There’s absolutely no need to touch Quentin Tarantino‘s Pulp Fiction. Built around an Academy Award winning screenplay, the film is pretty much perfect from beginning to end. It teems with exquisite detail as performances and dialogue tell interweaving stories of crime and craziness. A reinforcement of that absolute brilliance was the main thing I took out of the latest Film Independent at LACMA Live Read, which took place February 20 in Los Angeles. Director Evan Goldberg (This is the End) subbed for Jason Reitman and assembled an eclectic, star-studded cast to read Tarantino’s masterwork. It was a two and a half hour celebration of Pulp Fiction‘s perfection.
While no one could ever replace the iconic cast of John Travolta, Samuel L. Jackson, Uma Thurman and so many others, stars like Joseph Gordon-Levitt, Seth Rogen, Jonah Hill and Lizzie Caplan laughed, imitated and sometimes stumbled through the script with excitement and reverence. Along the way, a few Easter Eggs were uncovered, alternate interpretations attempted and much fun was had. Read about the live read below. Read More »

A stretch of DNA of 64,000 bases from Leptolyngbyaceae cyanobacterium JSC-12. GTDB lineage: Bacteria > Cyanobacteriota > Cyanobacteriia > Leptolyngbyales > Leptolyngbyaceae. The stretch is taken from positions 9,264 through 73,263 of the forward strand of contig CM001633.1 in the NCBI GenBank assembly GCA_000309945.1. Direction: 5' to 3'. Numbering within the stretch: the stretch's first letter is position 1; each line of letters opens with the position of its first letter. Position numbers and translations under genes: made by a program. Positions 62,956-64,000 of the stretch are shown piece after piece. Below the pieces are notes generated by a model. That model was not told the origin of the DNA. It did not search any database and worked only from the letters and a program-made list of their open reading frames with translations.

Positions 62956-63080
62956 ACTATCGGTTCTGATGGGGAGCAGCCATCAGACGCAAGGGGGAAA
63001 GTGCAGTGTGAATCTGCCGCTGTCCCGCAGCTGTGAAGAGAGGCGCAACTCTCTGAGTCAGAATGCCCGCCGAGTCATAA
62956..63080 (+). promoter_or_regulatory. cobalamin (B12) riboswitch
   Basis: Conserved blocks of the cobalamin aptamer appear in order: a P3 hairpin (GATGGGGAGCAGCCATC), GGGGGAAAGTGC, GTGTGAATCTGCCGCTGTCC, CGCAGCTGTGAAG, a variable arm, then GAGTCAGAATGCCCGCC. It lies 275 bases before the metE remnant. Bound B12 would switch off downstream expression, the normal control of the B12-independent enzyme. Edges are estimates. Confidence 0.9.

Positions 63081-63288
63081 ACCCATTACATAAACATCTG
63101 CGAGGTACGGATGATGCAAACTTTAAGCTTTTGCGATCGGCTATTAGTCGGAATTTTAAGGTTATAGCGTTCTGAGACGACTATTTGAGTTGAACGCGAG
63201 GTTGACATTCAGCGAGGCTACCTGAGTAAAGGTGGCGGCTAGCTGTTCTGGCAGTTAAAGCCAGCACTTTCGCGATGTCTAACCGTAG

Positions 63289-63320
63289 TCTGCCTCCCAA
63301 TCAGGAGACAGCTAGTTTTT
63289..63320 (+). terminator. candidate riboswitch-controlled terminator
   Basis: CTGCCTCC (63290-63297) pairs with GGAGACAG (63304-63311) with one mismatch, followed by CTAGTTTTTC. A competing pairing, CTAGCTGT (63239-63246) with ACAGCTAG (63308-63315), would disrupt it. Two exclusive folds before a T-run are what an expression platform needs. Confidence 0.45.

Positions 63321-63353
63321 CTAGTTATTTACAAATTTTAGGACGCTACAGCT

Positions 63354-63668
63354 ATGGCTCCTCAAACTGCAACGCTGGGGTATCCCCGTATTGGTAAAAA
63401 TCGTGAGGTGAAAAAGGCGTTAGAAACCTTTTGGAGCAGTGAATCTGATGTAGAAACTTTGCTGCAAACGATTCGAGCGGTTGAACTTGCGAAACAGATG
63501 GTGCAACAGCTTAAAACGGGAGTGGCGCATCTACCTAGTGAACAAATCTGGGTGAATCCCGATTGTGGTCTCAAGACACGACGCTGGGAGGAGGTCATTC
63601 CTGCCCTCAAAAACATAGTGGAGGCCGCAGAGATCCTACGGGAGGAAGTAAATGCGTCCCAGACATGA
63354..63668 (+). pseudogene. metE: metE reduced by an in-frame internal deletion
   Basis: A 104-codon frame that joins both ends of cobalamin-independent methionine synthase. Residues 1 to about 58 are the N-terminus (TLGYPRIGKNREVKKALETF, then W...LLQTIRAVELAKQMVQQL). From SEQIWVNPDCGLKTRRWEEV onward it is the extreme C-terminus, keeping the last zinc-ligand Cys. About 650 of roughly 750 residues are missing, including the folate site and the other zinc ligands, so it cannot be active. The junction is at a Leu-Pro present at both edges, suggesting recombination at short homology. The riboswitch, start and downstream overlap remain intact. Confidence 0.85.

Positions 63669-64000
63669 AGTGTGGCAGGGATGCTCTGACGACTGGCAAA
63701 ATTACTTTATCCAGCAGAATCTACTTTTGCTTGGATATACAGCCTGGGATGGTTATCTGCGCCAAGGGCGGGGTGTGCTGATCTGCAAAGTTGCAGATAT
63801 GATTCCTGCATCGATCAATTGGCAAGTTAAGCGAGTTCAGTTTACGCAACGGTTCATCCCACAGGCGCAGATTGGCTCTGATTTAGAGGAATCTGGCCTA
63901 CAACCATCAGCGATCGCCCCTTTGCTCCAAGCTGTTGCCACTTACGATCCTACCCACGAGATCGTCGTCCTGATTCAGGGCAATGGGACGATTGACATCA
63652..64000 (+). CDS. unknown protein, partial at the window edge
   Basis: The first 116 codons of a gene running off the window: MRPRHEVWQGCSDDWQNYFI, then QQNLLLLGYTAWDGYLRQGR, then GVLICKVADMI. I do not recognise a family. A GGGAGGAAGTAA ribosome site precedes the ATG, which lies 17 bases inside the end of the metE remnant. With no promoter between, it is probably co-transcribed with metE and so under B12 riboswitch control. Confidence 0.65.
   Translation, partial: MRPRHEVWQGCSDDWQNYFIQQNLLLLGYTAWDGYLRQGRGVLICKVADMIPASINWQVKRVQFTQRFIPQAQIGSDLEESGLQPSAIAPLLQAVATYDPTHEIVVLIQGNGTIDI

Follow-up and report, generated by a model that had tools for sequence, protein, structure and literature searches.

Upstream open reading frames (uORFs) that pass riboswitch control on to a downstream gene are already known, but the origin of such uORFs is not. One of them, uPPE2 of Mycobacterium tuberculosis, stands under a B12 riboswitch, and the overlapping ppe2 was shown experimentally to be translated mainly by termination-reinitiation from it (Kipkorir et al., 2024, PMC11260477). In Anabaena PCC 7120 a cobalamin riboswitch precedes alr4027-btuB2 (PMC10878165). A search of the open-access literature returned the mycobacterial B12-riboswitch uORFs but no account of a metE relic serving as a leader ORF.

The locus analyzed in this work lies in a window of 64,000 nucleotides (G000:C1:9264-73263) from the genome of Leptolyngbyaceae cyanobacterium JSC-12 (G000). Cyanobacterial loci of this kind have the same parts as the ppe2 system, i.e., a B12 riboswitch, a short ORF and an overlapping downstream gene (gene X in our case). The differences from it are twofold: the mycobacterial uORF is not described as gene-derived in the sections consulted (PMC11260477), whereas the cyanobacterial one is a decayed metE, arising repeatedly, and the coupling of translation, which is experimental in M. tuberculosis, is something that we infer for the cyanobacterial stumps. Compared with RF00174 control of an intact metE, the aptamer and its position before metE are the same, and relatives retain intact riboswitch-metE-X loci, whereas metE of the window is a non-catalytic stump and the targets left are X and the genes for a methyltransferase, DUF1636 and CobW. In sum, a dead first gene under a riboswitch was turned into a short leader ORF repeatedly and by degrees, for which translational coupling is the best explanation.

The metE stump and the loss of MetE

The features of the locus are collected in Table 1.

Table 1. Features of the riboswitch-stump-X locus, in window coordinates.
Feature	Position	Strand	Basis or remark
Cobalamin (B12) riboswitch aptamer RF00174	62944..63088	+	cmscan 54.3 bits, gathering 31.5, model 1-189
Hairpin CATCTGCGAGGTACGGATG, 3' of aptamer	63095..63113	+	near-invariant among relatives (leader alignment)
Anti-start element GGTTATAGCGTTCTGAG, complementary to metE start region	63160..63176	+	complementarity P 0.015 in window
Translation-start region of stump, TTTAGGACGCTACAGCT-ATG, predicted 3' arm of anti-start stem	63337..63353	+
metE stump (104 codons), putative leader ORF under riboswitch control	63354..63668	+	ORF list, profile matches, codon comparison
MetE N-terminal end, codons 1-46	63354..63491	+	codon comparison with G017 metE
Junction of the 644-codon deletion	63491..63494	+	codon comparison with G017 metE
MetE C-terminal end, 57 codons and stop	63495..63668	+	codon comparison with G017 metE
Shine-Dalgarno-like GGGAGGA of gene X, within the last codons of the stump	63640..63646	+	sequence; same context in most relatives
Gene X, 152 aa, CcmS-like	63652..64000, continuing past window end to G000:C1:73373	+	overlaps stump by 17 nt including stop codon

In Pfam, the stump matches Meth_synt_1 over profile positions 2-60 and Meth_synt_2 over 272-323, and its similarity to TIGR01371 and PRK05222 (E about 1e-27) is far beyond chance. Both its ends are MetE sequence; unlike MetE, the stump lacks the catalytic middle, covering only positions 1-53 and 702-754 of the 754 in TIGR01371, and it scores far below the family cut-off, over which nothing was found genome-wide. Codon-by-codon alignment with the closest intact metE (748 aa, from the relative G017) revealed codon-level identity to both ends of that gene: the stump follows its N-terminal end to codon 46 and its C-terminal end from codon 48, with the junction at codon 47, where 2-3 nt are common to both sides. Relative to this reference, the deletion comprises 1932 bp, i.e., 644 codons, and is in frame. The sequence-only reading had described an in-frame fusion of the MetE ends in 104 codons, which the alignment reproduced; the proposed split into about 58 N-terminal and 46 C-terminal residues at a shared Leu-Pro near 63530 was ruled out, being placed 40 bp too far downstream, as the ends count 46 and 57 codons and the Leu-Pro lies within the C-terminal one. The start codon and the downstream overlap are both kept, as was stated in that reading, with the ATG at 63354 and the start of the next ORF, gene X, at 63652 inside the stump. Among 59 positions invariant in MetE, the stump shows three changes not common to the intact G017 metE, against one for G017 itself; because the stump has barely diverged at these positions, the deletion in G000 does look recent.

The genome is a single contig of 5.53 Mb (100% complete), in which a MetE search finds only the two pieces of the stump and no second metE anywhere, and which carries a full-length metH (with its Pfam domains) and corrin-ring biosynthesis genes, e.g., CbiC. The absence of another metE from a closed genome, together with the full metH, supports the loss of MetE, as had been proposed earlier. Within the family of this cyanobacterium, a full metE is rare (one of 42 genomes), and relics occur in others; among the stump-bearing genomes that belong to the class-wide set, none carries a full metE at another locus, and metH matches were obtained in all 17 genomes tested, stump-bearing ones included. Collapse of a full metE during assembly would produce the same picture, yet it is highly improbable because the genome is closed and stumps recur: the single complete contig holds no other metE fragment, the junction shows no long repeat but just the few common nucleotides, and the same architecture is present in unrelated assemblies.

Seth Rogen and Evan Goldberg filled their directorial debut, This Is The End, with a plethora of famous faces. For their first dip into feature animation, they’re doing something similar. Rogen and Goldberg are producing the R-rated animated film Sausage Party, aimed at a 2015 release, and have tapped James Franco, Jonah Hill, Michael Cera, David Krumholtz, Kirsten Wiig, Edward Norton, Nick Kroll and Rogen himself to provide voices. Read More »
DreamWorks Animation is finally moving forward with an adaptation of the popular children’s book series, Captain Underpants. They won a heated bidding war for the property back in 2011 and Tuesday they announced the principal members of the voice cast. They include Kevin Hart, Ed Helms, Nick Kroll, Jordan Peele and Thomas Middleditch. The film will be directed by Rob Letterman (Monsters vs. Aliens) and is being adapted by Nicholas Stoller (The Muppets). Read More »
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Posted on Wednesday, July 17th, 2013 by Angie Han
Each year, we at /Film look forward to the madness that is Comic-Con: the buzzy Hall H panels, the boozy after-parties, the eye-popping cosplayers, the extravagant booths, the exclusive collectibles, all of it. It’s sensory overload at its geekiest, and though we’re typically bone-tired by the end, we’d also be lying if we said we weren’t excited to do it all again next year.